‘Grzegorz Nowak is certainly one of the most remarkable conductors… the galvanized orchestra [Montreal Symphony] gave a prodigious performance.’   

La Presse, Montréal 

An intimate yet well-balanced recording… The conducting is incisive and expressive, with considerable attention lavished on inner orchestral detail. Matt Haimovitz offers a reading that is both sensitive and virtuosic: there is great poetic intimacy in the Langsam, particularly in the exposed double-stops, and he provides tremendous rhythmic energy in the finale, which is taken here at a steady tempo. A mellow and rewarding timbre form his 1710 Matteo Gofriller adds to the successful cocktail… Laure Favre-Kahn delivers a pretty formidable interpretation of the Piano Concerto to make this a most attractive release.

Joanne Talbot, The Strad Magazine, July 2011 

‘Nowak demonstrated exactly how to play Mozart without relegating all responsibility to the original instruments brigade… Nowak directed both Concertos in a spritely manner, full of bounce and spirit… The music moved forwards at a very nice pace… This was a superb performance… and made this glorious Symphony into a real Symphonic experience rather than just a pleasant walk in the country… handled with aplomb, the tension never dropped, the drama, rather than tragedy, was well handled and we were kept on the edges of our seats as the music progressed from one highpoint to the next… superb’  

Bob Briggs, MusicWeb International, London

‘It was as sprightly a performance as you could have wished for, with meltingly tender woodwinds in the gentle middle section… I loved every second of it… The Royal Philharmonic played expertly and obviously appear to enjoy working with Nowak. Long may this collaboration continue!’ 

Bob Briggs, MusicWeb International, London

‘Nowak's energetic conducting and attention, especially to dynamic detail, was abundantly evident… admirably captured in tonight's performance… Nowak and the orchestra were superb… Nowak moulded an intense musical line, a kind of great arc of symphonic drama which also projected the difference, diversity of each movement - indeed the diversity within each movement… It was in the 'Largo' in particular that Nowak found an almost unbearable dramatic/brooding quality. I have seldom heard the development of unbroken cadences, after the first impassioned D minor climax, mutating into regions of ill - defined tonality captured with such conviction… inspired event’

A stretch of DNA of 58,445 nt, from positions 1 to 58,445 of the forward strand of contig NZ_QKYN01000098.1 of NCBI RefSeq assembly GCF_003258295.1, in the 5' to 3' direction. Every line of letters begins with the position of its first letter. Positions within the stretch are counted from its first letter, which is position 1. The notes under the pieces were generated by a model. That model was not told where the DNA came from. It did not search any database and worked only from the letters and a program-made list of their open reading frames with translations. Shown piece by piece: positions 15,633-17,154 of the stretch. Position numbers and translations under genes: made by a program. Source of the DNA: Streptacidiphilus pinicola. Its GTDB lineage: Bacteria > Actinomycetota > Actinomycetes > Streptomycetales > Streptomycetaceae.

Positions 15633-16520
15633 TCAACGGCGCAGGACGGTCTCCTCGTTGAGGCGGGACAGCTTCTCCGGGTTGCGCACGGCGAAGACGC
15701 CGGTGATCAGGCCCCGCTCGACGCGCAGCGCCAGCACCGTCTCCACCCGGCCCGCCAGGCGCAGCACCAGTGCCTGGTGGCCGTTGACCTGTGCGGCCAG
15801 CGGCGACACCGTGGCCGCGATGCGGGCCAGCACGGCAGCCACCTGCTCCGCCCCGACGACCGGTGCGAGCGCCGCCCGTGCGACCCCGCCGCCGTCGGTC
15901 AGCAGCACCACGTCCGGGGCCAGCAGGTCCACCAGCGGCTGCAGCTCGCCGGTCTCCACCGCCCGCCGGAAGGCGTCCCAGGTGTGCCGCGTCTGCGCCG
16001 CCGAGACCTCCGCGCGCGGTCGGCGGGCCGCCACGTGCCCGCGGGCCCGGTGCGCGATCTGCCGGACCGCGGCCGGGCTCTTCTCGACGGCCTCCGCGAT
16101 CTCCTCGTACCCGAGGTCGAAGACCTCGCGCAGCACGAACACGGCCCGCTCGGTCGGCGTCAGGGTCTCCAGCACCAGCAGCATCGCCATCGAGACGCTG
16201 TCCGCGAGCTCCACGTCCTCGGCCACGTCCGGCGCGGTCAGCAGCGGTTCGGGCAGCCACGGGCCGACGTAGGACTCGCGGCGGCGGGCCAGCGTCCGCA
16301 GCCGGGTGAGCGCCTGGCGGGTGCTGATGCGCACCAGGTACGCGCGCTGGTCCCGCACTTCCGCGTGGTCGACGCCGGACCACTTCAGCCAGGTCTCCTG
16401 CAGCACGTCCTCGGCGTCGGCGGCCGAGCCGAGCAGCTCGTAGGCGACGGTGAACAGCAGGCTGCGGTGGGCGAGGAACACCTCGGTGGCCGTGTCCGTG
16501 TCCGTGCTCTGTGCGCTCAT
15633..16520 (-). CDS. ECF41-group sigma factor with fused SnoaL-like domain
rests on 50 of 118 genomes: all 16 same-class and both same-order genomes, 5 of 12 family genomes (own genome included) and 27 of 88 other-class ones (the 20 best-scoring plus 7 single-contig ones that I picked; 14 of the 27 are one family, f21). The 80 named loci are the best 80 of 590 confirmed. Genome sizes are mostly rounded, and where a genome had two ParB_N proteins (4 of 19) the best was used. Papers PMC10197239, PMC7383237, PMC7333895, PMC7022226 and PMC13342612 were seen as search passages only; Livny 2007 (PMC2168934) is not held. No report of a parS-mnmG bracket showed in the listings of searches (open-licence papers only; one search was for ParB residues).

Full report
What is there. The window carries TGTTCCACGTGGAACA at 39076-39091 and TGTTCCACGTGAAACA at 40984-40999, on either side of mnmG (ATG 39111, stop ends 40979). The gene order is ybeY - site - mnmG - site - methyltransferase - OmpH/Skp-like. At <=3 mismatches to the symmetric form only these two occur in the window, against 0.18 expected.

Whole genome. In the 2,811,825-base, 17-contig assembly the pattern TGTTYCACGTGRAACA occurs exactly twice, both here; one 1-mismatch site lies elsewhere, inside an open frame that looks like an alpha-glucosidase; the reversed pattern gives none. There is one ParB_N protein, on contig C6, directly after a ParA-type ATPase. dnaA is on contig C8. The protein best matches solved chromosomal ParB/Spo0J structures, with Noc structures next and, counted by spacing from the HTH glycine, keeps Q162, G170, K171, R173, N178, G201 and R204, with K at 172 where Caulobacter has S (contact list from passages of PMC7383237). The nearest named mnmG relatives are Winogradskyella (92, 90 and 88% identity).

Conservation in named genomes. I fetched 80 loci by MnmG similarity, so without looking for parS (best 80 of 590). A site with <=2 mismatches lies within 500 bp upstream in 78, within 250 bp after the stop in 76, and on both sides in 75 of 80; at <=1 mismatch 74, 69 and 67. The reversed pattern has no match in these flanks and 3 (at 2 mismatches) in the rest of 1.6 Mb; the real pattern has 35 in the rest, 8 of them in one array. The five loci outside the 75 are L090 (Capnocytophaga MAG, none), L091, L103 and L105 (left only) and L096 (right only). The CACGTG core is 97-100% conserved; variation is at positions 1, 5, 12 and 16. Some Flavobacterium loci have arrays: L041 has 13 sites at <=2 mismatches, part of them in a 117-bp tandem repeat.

Geoff Digginess, MusicWeb International, London

‘It would be difficult to imagine a more compelling presentation. The musicians of the Montreal Symphony seemed inspired.’   

The Gazette, Montreal

‘The orchestra accompaniment was magnificent under Grzegorz Nowak's direction in both Glazunov's and Mozart's violin concertos [with Anne-Sophie Mutter]… Rarely has Tivoli Symphony Orchestra sounded with such a surplus of refinement and richness of color.’   

Jyllands-Posten, Copenhagen

‘delightful… marvelously colorful… very memorable… you probably will be shocked at just how good the whole thing is… finely made music… these ebullient, fizzy, well-engineered performances by the clearly energized Kaiserslautern orchestra under Grzegorz Nowak make the best possible case for Czerny.’   

David Hurwitz, Classics Today

‘Symphony Comes Alive Under Nowak… Nowak elicited a brilliance and depth from the orchestra [San Diego Symphony]… restored the magic and innocent ebullience.’  

Los Angeles Times

‘Mr. Nowak has the capacity to enchant the audience… exquisitely done.’  

The Telegraph, Liverpool

‘The music still sounds superb, partly thanks to the fantastic interpretation of the Sinfonia Varsovia under Grzegorz Nowak. Do not overlook the true pearl, the concerto overture "Bajka" by the master of song and opera Stanislaw Moniuszko. The Album of the Year '96. Grzegorz Nowak and the Sinfonia Varsovia have worked wonders... It is one of the best and most surprising recordings I have heard’

M. Tokarska, Studio, Warsaw

‘One of the best. Already the very beginning of Saturday’s concert of the Warsaw National Philharmonic proved that Grzegorz Nowak, eminent Polish conductor working mostly abroad, can draw from this ensemble a superb, noble sound. The orchestra played with uncommon precision and determination… The symphonic poem Returning Waves of Mieczyslaw Karlowicz, full of thunderous culminations and beautiful musical details, was interpreted and performed impeccably, vividly and with excellent narrative pace… In the 1st Violin Concerto of Szymanowski…the soloist always remained within boundaries of good taste, playing stormy passages with bravura and lyric episodes with fantasy. Refined articulation, rich color of her violin, sounding in middle register like a warm overflowing wave — all this finely laced with impressive sound from the orchestra, produced ravishing effects. The soloist and the conductor equally honored composer's romantic nature as well as his innovative musical thought. Exposing ecstatic qualities of the work, Grzegorz Nowak flawlessly guided the rhythmic discipline, ensemble precision and sound balance of the instrumental groups. As the result, we were treated to the best interpretation of this masterpiece on Polish concert stages in years… Grzegorz Nowak also managed to present the changing and capricious character of Rachmaninoff’s last composition in a superb manner, skillfully contrasting light and graceful passages with dramatic sections. The entire work was thoughtfully paced, and the orchestra once again impressed with its noble sound as well as precision and energy.’  

Bartosz Kaminski, Gazeta Wyborcza, Warsaw

‘Stylish, brilliant and sovereign interpretation.’   

Der Landbote, Winterthur

‘When the Royal Philharmonic Orchestra travels to the Wycombe Swan, with a “Grand Tchaikovsky Gala”, one anticipates West End concert hall standards. And, under the baton of its Polish born Principal Associate Conductor, Grzegorz Nowak, one most certainly got it… high standards continued with the Romeo and Juliet Fantasy Overture… a refined handling of the romantic tragedy with some truly ecstatic moments. Here the interpretive skills of Nowak were well shown, to produce a deep and satisfying performance… splendid… vivid rendering’ 

Stan Meares, Bucks Free Press

‘Standing ovation… Superb orchestra under a sovereign baton of Grzegorz Nowak was precise, immaculate and expressive.’  

Volker Milch, Wiesbadener Tagblatt